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I am baffled by this for so many years! Kindly, explain this in layman's terms (i.e. to a guy who never studied economics at a university):

I can purchase one dozen of eggs for €3.52 in Frankfurt, Germany but for ₹66 in New Delhi, India.

If I am living in India, I am in double trouble:

  1. Why is the price of goods higher in India than that of Germany with reference to people's income level?
  2. An employer is paying me such an amount of money (say,₹10,000 ≈ USD 152.52) which apparently looks larger, but in actuality, I am earning much lesser than that of a German guy (say, €1000 ≈ USD1173.96). Why am I earning less?

So, what factors make this difference?

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  • $\begingroup$ Too many question under one roof. Please split them up. $\endgroup$ – mootmoot Oct 2 '17 at 15:33
  • $\begingroup$ Uh, 66 rupees is about 0.87 euros. $\endgroup$ – Hot Licks Oct 31 '17 at 2:10
  • $\begingroup$ @HotLicks, and, how is that relevant? $\endgroup$ – user13954 Oct 31 '17 at 6:30
  • $\begingroup$ You claimed the "price of goods" is higher in India than in Germany, but gave an example where eggs are about 4 times cheaper. $\endgroup$ – Hot Licks Oct 31 '17 at 12:17
  • $\begingroup$ @HotLicks, its expensive with reference to people's income level which is already pointed out in #2. $\endgroup$ – user13954 Oct 31 '17 at 14:37
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This adds to the other good answers already posted:

Different prices in different countries are a result of complex factors, which are hard to explain in one, simple way.

An example: the housing prices in Sydney are extremely high compared to Frankfurt, with the reason being the high demand of housing vs housing supply, and the lack of adequate public transportation. This is not connected with the salary you might earn in Sydney, but rather with the housing market itself. The same applies to eggs, as highlighted by mootmoot.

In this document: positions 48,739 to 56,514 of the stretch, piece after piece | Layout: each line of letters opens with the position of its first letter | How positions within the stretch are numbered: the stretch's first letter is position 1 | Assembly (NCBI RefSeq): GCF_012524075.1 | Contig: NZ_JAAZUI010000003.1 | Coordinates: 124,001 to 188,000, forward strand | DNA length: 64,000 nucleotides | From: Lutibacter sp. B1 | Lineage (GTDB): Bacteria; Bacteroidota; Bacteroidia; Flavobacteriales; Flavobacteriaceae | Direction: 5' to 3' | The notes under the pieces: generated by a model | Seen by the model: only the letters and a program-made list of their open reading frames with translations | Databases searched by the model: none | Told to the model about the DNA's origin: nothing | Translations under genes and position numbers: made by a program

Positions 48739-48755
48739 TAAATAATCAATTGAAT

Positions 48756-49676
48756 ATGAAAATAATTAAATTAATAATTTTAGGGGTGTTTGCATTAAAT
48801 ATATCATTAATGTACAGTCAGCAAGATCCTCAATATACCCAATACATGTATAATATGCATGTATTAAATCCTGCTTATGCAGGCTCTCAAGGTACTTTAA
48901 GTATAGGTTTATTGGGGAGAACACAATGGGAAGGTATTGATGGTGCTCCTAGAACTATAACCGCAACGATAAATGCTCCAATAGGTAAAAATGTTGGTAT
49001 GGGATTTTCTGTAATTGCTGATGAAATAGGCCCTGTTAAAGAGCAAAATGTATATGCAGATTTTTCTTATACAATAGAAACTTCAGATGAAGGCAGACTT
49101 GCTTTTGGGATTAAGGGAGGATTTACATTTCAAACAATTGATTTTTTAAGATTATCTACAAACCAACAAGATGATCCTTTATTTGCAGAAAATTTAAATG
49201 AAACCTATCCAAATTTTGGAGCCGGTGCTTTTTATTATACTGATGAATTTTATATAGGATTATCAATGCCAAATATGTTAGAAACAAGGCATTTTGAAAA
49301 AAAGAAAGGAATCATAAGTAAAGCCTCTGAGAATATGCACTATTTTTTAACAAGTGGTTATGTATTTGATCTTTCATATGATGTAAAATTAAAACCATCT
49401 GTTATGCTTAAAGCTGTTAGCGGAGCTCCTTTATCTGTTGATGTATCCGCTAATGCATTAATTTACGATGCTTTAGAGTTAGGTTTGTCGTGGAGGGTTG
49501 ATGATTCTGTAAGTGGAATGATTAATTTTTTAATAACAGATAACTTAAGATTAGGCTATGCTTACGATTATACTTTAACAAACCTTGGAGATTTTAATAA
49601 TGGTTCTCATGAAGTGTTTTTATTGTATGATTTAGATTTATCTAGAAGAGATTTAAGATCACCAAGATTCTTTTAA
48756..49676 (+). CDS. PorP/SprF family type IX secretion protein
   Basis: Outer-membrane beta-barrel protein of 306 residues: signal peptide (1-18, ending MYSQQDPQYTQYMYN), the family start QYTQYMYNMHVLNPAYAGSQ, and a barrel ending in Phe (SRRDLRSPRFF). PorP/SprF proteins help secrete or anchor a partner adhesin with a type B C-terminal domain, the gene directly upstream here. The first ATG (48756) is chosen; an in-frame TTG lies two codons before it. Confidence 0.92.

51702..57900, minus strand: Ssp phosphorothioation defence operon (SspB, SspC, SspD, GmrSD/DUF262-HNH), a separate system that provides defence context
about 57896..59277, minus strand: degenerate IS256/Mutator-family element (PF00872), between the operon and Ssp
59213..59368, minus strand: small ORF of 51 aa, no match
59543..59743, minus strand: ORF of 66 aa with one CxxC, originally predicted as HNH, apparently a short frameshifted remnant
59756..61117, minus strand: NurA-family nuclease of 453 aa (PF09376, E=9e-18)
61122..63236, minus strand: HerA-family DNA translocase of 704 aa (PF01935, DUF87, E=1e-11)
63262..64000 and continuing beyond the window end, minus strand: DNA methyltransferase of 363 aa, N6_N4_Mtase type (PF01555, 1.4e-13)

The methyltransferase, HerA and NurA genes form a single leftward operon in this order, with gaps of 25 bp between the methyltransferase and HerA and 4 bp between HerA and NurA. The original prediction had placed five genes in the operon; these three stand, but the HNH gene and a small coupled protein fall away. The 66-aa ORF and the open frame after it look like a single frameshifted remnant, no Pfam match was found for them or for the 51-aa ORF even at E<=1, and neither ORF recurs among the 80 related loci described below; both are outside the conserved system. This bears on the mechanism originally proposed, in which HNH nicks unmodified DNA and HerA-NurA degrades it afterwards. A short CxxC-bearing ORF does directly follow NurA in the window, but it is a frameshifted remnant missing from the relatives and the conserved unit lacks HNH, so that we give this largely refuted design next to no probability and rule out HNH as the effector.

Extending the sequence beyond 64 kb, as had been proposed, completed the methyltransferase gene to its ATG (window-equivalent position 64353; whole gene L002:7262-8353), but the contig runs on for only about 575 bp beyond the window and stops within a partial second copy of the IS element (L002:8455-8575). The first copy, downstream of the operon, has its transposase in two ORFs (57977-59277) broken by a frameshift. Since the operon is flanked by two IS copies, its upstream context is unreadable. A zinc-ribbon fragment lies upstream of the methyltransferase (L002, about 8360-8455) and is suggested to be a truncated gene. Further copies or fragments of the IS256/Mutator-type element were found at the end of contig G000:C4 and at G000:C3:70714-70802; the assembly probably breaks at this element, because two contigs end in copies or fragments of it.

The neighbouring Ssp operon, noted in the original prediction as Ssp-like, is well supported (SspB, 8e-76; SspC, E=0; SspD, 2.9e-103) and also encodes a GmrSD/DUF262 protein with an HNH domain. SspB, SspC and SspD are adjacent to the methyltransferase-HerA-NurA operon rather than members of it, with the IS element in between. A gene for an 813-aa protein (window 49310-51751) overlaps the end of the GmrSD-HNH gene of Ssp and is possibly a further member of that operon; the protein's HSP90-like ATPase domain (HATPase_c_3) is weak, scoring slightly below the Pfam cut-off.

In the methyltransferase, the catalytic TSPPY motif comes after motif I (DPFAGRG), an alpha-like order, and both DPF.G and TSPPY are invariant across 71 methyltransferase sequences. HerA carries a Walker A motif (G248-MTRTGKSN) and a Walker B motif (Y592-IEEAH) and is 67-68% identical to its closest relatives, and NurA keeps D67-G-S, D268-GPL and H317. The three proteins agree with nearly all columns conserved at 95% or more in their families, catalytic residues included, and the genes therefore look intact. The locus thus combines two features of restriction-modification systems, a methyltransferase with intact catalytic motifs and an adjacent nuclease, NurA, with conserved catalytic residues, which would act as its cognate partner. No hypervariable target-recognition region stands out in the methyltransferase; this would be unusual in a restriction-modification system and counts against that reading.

If you want to compare costs of living, there are some nice tools like Numbeo that compare a basket of goods between different cities.


Regarding your later comments on "maintaining currencies that are a false measure of wealth":

This is a different question already. Exchange rates and valuation / devaluation of currency can be influenced by the central bank of a country, with different aims. Many countries artificially devaluate their currency to make their exports cheaper - with a consequence that national wages are lowered compared to the rest of the world. See my answer here for more details.

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    $\begingroup$ Notice that most of currencies in the world float, and hence are not directly controlled by the respective central banks. $\endgroup$ – luchonacho Oct 3 '17 at 7:51
  • $\begingroup$ Excellent point - corrected the post accordingly (not controlled, but influenced). There is still some degree of influence by the central banks though. And then there is inflation, which is a whole other topic... $\endgroup$ – JoaoBotelho Oct 3 '17 at 7:57
  • $\begingroup$ I am accepting this answer because it quenched my main question (i.e. #2).This means citizens of poor countries will always be poor in their one lifetime.\ $\endgroup$ – user13954 Oct 3 '17 at 8:11
  • $\begingroup$ @anonymous thanks! I invite you to upvote other answers also, if they were helpful. While my answer explains the present (and past), I wouldn't take it as something that predicts the future. That discussion would be a new question, and here's some examples that went from poor to rich in "one lifetime": quora.com/… $\endgroup$ – JoaoBotelho Oct 3 '17 at 8:23
  • $\begingroup$ @luchonacho Notice that most of currencies in the world float, and hence are not directly controlled by the respective central banks Don't you find your this logic flawed? It is like saying : Zimbabwe central bank doesn't cause inflation of money by issuing millions of new notes and pour it info market by various mean, but afterwards it is "free float", so it is not directly controlled by Zimbabwe central bank. $\endgroup$ – mootmoot Oct 5 '17 at 7:13
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Let EUR 1 = USD 1.17. Also, let INR 1 = USD 0.015 (these are the actual figures reported by Google on 10/2/2017)

Before we can make any meaningful comparison, we need to express the values of the dozen of eggs in a common currency. For simplicity we choose as that common currency the USD.

  1. A dozen of eggs in Frankfurt cost USD 4.142
  2. A dozen of eggs in Delhi cost USD 0.99

How did we get the USD equivalent prices?

It's straightforward: we multiplied the price of the commodity (dozen of eggs) denominated in some currency (EUR or INR) with the price of that currency denominated in USD.

Therefore, the price of a dozen of eggs is lower in Delhi than it is in Frankfurt, when the common currency in which the prices are quoted is the USD.